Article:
Global retailers must adapt or risk the consequences of failing to match the high frequency content capabilities of smaller, more nimble competitors, argues James Brooke, CEO at Amplience.
High frequency content – highly engaging, shoppable digital content that can be delivered more easily and often into every shopping experience and every context – is a game changer for retail.
Quite simply that is because so few of the big established retailers – ‘big retail’ – can truly deliver it, even though they understand its importance very well.
That is not mere conjecture. A recent Amplience/L2 report focused on ecommerce localisation found that 70% of global marketers report increased content budgets for 2015. What’s more, a majority (66%) want to do more than just localise. They want to deliver localised high frequency content – high quality content that is refreshed more often: weekly (40%) or monthly (26%).
With good reason – those who can deliver high frequency content gain a disproportionate advantage in a retail environment that is increasingly driven by engagement; and not just online. According to Deloitte Digital’s Digital Divide report digital content is a critical influence on 30-50% of all sales transactions in all channels.
And therein lies the issue for big retail – they see the need for high frequency content but, at present, they cannot deliver it.
The Amplience/L2 report brought the issue into sharp focus. It found that production complexity and high costs are preventing retailers from delivering relevant digital commerce experiences across all contexts and locales – particularly the engaging content types that define a high frequency approach. For instance, only 17% of the retailers localised editorial content, user generated content is localised in only 7% of cases, the rate of localisation falls to 5% for look books and product guides, and fewer than one quarter (23%) were able to localise reviews.
Indeed, even content on homepages was only localised in 39% of cases, confirming that it is a significant challenge for these retailers to deliver locale relevance even across their most valuable digital real estate.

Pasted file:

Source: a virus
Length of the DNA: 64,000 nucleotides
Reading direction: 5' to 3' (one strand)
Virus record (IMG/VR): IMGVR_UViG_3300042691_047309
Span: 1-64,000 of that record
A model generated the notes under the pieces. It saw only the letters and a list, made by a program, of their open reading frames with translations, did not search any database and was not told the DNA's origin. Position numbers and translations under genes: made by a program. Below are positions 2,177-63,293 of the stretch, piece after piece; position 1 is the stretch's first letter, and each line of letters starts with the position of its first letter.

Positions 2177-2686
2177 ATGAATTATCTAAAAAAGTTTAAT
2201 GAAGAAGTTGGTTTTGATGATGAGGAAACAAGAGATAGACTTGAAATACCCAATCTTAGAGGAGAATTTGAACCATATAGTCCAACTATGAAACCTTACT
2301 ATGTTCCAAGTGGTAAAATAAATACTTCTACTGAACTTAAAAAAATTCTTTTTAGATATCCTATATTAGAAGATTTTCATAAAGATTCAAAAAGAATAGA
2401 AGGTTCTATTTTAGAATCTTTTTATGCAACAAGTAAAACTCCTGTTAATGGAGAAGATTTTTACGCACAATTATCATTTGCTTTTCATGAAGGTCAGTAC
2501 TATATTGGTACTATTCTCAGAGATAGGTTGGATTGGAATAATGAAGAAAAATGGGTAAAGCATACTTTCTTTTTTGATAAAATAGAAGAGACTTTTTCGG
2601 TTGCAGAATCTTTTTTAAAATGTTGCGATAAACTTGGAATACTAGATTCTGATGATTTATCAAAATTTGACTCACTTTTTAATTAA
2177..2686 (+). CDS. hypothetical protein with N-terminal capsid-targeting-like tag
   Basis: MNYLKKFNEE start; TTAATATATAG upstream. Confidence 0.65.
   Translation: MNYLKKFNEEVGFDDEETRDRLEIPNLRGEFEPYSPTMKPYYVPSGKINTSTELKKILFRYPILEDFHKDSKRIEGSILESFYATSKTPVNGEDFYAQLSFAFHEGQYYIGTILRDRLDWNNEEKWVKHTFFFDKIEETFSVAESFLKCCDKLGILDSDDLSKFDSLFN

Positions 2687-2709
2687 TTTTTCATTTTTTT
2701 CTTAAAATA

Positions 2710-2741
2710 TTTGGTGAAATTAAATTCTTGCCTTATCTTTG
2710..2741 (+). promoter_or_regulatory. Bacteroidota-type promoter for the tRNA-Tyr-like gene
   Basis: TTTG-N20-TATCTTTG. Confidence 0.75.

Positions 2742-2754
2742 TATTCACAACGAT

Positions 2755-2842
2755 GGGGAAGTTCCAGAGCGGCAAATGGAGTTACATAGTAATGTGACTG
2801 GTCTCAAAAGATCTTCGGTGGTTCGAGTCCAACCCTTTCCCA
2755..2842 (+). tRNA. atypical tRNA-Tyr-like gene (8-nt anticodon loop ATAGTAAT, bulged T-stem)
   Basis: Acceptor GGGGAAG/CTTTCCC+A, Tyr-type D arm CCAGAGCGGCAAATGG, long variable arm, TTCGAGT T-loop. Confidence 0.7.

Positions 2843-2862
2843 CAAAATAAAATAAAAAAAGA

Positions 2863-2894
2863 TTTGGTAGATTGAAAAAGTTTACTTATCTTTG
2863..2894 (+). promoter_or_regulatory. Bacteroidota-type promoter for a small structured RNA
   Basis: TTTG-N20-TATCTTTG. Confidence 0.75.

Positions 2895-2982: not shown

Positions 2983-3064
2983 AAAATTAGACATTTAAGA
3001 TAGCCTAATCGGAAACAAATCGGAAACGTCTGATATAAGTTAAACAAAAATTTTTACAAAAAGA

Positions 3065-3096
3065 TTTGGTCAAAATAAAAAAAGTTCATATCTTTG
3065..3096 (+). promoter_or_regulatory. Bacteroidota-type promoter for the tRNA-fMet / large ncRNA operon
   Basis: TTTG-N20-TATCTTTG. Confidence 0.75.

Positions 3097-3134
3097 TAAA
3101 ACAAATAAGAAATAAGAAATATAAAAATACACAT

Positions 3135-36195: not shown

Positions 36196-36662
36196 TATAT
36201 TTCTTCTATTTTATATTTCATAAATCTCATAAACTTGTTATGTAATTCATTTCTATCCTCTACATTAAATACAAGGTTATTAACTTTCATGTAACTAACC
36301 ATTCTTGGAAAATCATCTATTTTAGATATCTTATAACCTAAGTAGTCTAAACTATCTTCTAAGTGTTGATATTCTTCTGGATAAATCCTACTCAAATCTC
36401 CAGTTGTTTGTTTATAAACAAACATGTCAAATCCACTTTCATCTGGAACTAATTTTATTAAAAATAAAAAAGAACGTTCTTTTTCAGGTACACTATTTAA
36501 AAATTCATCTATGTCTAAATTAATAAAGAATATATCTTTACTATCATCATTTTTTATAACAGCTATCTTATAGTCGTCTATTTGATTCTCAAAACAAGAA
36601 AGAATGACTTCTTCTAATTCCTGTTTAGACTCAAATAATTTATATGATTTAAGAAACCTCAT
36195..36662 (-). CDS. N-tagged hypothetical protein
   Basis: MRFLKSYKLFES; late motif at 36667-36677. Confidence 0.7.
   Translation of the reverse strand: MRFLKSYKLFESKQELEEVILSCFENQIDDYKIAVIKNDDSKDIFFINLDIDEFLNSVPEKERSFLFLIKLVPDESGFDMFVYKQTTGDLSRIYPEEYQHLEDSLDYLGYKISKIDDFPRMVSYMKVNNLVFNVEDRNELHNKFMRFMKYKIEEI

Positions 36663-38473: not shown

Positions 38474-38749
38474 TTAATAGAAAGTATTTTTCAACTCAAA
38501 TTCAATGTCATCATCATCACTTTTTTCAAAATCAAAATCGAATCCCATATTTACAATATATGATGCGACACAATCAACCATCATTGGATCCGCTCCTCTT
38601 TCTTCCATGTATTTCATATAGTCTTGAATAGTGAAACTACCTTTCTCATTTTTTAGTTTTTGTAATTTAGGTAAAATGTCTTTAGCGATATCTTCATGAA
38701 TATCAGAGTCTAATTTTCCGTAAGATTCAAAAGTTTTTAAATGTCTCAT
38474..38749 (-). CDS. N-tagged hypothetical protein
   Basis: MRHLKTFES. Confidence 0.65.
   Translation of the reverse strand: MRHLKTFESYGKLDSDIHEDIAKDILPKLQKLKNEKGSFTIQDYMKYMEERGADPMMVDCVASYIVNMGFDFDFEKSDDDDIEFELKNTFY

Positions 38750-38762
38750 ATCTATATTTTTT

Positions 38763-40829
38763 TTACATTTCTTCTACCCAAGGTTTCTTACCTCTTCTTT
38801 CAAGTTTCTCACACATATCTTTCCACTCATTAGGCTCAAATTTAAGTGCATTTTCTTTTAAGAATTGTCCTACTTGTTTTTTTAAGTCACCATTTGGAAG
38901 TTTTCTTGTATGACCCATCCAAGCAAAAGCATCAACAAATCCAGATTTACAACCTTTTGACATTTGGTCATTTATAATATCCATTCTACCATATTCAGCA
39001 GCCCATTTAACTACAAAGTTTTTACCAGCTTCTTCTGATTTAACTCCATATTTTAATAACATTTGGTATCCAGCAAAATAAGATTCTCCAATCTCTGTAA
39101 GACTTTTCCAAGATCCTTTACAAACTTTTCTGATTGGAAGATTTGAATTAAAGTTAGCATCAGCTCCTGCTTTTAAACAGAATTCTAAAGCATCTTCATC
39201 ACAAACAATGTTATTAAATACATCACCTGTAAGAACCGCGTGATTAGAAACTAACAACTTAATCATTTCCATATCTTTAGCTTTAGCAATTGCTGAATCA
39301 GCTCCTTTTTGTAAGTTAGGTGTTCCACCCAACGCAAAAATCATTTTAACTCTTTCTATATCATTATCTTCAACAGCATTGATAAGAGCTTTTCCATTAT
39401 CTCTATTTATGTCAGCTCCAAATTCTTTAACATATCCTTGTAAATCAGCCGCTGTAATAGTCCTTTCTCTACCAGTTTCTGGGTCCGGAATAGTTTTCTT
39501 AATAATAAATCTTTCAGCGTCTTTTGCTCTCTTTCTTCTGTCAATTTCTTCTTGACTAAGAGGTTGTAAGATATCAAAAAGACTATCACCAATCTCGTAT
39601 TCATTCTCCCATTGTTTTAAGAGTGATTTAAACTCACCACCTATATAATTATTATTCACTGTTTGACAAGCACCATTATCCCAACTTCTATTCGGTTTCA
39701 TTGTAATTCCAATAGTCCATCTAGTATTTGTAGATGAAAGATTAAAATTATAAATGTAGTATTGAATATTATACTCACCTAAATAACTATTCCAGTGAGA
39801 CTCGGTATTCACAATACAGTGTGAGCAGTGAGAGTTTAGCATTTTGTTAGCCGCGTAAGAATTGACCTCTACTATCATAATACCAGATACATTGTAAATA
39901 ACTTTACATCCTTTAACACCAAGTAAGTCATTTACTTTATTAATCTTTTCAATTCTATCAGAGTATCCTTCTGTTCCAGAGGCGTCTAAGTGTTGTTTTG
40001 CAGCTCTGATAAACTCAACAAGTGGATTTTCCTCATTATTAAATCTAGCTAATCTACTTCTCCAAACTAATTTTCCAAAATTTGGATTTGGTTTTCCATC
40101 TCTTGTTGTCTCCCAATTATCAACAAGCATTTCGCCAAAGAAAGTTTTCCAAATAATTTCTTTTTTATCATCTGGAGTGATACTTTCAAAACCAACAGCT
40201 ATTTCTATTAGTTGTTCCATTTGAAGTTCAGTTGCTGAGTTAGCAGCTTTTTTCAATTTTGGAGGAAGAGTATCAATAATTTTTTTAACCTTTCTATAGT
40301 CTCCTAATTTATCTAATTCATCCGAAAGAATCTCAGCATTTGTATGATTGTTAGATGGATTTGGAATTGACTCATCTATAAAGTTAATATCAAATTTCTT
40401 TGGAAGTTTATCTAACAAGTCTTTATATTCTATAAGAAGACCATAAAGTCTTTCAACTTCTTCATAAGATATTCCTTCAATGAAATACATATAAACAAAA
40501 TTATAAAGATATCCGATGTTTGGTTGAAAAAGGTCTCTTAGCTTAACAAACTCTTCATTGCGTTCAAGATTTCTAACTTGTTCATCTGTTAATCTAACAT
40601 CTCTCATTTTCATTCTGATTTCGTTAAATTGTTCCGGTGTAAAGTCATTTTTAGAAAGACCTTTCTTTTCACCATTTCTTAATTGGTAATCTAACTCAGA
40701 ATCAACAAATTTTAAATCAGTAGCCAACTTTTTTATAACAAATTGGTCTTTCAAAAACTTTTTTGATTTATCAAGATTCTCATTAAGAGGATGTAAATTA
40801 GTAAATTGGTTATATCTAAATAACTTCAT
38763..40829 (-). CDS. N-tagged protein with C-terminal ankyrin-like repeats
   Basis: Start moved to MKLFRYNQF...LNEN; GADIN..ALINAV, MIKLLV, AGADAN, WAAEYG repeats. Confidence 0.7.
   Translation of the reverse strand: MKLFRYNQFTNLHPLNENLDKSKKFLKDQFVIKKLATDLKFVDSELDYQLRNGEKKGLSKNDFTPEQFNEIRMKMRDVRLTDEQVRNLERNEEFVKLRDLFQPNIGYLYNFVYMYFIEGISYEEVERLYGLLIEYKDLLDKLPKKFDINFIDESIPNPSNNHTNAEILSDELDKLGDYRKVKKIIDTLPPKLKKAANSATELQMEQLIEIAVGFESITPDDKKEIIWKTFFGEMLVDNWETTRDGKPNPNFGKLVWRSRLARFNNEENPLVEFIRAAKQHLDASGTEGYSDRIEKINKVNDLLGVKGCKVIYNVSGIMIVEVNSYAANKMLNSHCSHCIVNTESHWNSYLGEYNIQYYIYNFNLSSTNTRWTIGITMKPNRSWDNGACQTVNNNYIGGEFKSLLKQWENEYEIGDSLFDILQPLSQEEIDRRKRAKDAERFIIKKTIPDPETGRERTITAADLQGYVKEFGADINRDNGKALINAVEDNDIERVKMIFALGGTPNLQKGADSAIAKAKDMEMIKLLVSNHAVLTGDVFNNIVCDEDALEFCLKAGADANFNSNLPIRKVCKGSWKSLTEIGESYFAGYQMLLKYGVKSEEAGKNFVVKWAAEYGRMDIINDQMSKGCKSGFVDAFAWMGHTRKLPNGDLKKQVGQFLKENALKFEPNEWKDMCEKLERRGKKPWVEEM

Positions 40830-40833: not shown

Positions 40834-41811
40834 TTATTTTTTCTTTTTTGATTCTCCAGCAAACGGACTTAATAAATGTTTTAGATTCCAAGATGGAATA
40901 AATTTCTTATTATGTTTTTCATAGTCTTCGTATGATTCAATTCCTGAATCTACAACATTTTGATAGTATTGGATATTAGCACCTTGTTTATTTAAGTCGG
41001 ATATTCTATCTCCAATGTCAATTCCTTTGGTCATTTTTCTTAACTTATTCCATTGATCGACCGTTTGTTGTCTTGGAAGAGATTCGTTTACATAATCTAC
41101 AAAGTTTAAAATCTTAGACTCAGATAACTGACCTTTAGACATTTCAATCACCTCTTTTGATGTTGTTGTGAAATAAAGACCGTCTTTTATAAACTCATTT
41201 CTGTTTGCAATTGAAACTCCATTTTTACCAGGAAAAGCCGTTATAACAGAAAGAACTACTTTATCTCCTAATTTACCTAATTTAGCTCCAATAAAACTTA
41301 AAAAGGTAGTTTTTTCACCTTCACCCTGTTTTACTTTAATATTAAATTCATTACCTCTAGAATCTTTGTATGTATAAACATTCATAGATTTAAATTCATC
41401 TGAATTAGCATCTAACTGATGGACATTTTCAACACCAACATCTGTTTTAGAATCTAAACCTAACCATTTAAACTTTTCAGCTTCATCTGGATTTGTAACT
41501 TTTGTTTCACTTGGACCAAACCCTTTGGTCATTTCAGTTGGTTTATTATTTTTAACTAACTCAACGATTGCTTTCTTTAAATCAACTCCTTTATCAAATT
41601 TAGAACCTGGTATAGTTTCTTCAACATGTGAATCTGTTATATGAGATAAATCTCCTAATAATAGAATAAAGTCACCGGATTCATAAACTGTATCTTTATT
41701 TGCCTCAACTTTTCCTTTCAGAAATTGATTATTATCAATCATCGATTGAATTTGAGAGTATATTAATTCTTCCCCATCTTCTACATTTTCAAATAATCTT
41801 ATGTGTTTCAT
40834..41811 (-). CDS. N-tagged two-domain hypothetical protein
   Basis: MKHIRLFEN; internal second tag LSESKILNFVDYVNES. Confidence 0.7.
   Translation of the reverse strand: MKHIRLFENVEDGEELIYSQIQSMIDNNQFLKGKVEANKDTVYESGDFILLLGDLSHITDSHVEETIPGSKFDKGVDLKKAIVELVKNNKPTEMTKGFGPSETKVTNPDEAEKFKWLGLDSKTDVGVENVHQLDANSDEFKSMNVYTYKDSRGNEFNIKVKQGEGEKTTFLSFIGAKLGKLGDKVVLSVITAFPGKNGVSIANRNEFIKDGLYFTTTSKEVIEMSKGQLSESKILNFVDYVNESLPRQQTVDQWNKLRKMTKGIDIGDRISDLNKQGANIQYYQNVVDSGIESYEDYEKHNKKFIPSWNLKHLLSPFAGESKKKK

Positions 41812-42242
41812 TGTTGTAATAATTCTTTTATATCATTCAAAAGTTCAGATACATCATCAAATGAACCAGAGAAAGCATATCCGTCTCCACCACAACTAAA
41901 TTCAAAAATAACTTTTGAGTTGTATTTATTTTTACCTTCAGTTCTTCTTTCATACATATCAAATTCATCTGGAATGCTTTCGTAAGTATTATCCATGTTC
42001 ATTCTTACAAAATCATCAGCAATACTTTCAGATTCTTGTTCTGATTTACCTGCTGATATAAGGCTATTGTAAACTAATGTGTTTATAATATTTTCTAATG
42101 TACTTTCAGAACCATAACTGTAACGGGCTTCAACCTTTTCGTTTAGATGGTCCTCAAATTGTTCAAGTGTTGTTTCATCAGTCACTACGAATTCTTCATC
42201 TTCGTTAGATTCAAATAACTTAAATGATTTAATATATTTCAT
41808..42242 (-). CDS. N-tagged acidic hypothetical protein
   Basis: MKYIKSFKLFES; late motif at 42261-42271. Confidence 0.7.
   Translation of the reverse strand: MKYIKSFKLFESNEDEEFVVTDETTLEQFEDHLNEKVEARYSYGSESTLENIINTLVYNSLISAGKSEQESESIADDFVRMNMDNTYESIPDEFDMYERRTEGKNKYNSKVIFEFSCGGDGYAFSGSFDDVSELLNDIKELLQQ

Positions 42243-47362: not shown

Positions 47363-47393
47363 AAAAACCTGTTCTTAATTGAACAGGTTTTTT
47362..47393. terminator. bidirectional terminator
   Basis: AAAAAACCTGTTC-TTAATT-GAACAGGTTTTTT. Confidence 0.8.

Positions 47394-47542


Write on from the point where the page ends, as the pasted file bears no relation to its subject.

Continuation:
To make matters worse, retailers are well aware that this lack of merchandising sophistication represents a missed opportunity. According to the L2/Amplience report: “Eighty-three percent of marketers who localise content believe that it improves customer experience, highlighting a widespread belief that brand messaging should adapt to local nuance by market.”
However, being aware of the issue and being able to resolve it are two very different things. These retailers’ shortcomings are not a matter of flawed strategy, they are baked into their technology and content infrastructures – for instance, the report found, only half of retailers use a consistent information architecture across global ecommerce sites.
That may be just one issue, but it is symptomatic of a wider malaise. Over time, retailers have acquired a fragmented array of channel-specific tools and content siloes – and that creates a content complexity problem that drives costs up and makes it practically impossible to localise content across the board.
Of course, this is all being played out in the context of a highly competitive, fast moving market. So, on the flip side of this challenge for established retailers is an opportunity – one that smaller, nimbler retailers will seize sooner or later. Unencumbered by content cost and complexity issues, by fragmented infrastructure, they will be far better placed to deliver the digital content experiences that – as I’ve already pointed out – drive significant commercial upsides in every retail context.
That day is not upon us yet, and the big retailers still have the advantage of deep pockets, scale and high street presence.
But, if they are to retain their places at the top of the tree they must transform the economics of content production – driving down production costs, increasing exposure and measuring performance, to maximise returns on every content investment.
Specifically, they must find smart ways to consolidate diverse, channel-specific solutions and siloes – and move to the single digital content platforms that will enable them to streamline content production and automate channel and locale syndication.
Not every retailer will make the leap – and those that do not, risk serious consequences at a time when content is so important to customer engagement and, therefore, sales performance.
By James Brooke